Graham Reid | | 6 min read
In the historic, temple-filled and rather wealthy Indian city of Kolhapur a couple of hours north of Goa there's a glimpse of a past which is appealingly distant but also curiously contemporary.
The day I arrive at the New Palace – an imposing 150-year old building in the Indo-Gothic style commanding spacious grounds – it is the day of the famously crazy and colourful Holi festival.
In the grounds kids are throwing brightly coloured powder at each other, among them the children of the palace's current occupant, the Maharajah whose family have extended powerful influence in this region for over a century.
And right here we have it: the richly coloured tapestry of India with its ancient rituals and religions, tiger hunting, cricket on the green, mysterious customs, elephant fighting, uprising against the British and the end of those days we reduce to the shorthand of “the Raj”.
The New Palace is a handsome portal back to the past because inside are the scuffed artifacts of an often quaintly archaic time. But because the family is still here in another wing and the kids are playing on the lawn it all still seems very much alive.
Unlike those stately home of Europe where discreet staff polish the knobs on bedsteads and plump up the cushions in the study, the public rooms of the New Palace have a faded and dusty grandeur. In the trophy room are the mounted heads of tigers, deer, stags, sambar and more. The family patriarch Rajarshi Shahu Chhatrapati in the early 20th century was a fine and frequent big game hunter who also introduced wrestling and pioneered Indian cinema in the region, and there is a whole room of cavalry swords, elephant guns, Lee Enfield rifles, chain-mail armour, savage knives . . .
The grand hall once comfortably seated – maybe still does – 150 courtiers and photos in the corridor – cricket and football teams with impressive moustaches, troops in formation, tiger hunts – speak of a time not that long ago, but also long gone. The air here is thick with the Great War, the Raj, mustiness, tradition and the past.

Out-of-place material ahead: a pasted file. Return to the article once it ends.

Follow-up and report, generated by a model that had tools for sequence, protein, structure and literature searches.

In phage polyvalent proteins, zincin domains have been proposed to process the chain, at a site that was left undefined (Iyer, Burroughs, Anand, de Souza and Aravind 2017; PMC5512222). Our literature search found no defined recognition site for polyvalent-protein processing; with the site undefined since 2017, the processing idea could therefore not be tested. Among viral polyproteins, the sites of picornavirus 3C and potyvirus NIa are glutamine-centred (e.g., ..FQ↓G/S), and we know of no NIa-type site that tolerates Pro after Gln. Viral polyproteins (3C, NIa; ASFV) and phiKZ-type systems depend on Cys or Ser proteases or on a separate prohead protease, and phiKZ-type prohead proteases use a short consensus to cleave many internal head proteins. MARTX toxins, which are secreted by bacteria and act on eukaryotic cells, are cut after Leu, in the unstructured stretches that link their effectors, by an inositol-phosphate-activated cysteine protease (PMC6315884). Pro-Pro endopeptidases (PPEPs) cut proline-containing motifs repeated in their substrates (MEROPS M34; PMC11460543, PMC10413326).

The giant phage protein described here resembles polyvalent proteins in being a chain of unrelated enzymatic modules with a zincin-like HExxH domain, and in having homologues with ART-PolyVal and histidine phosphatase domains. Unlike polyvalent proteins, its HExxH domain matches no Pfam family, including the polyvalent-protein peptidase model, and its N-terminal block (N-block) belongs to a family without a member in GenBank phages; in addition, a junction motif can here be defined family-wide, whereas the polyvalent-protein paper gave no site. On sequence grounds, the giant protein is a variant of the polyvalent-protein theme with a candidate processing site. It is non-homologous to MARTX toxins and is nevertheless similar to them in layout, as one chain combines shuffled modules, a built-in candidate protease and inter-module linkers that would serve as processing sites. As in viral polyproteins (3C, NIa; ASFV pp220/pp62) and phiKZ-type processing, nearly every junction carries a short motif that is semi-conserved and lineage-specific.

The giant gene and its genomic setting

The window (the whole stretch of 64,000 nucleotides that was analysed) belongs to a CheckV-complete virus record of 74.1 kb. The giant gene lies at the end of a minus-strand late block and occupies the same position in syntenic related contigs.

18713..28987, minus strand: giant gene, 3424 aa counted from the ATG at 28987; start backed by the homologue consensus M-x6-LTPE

The New Palace is a remarkable place, but just one of dozens of such memorable sights on a seven night/eight day journey through Maharashtra state on the famous luxury train the Deccan Odyssey.
Departing from Mumbai (locals still call it Bombay), this train – in which passengers have their own cabin and butler, and can enjoy two dining cars, a reading room and well stocked bar – heads down to Goa, loops back inland through Kolhapur and then goes up to the breathtaking historic sights of Ellora and Ajanta before returning to its departure point.
Along the way are stops in small stations and large cities, air-conditioned coach trips to ancient ruins, old Mogul-era forts, beautiful temples, heritage houses (like the remote 16th century Menezes Braganza home which has been in the same family for seven generations), rowdy markets and busy bazaars, sweeps of almost deserted beach and . . .
It is “Incredible India!” as the tourism promo-slogan has it.
That much is true, but frankly I never got train travel. You see something interesting and just keep going past it, right? But the Deccan Odyssey – because of its comfortable cabins, exceptionally friendly and professional staff, and those day trips – won me over. With all the convenience of a tiny cruise ship (you unpack once and have the privacy of your own self-contained room) and the often stately pace through parts of India you must see but rarely do (crowded train stations, slum kids playing cricket with make-shift wickets by the side of the track), this is a journey of comforts but also encounters.
To be honest, the Deccan Odyssey journey of discovery began rather disappointingly. On the first day the cruise down the Karli River near Sindhudurg was a non-event and some passengers didn't much rate the boat trip and visit to Sindhudurg Fort (which I thought was fascinating, a whole island turned into a fortress). But after that . . .
The journey – mostly through Maharashtra but also into the Goa region – reaches an undoubted high point in its closing overs, if we can borrow a phrase from ubiquitous cricket.
The Ellora Caves near the city of Aurangabad – where there is the beautiful Bibi Ka Maqbara, a mausoleum which bears an uncanny resemblance to the Taj Mahal, get the photo and fool your friends – is a UNESCO World Heritage Site which defies easy explanation but will have you struck dumb with wonder.
Billed quite rightly as “the greatest example of cave-excavation architecture in the entire world”, that description hardly does them justice.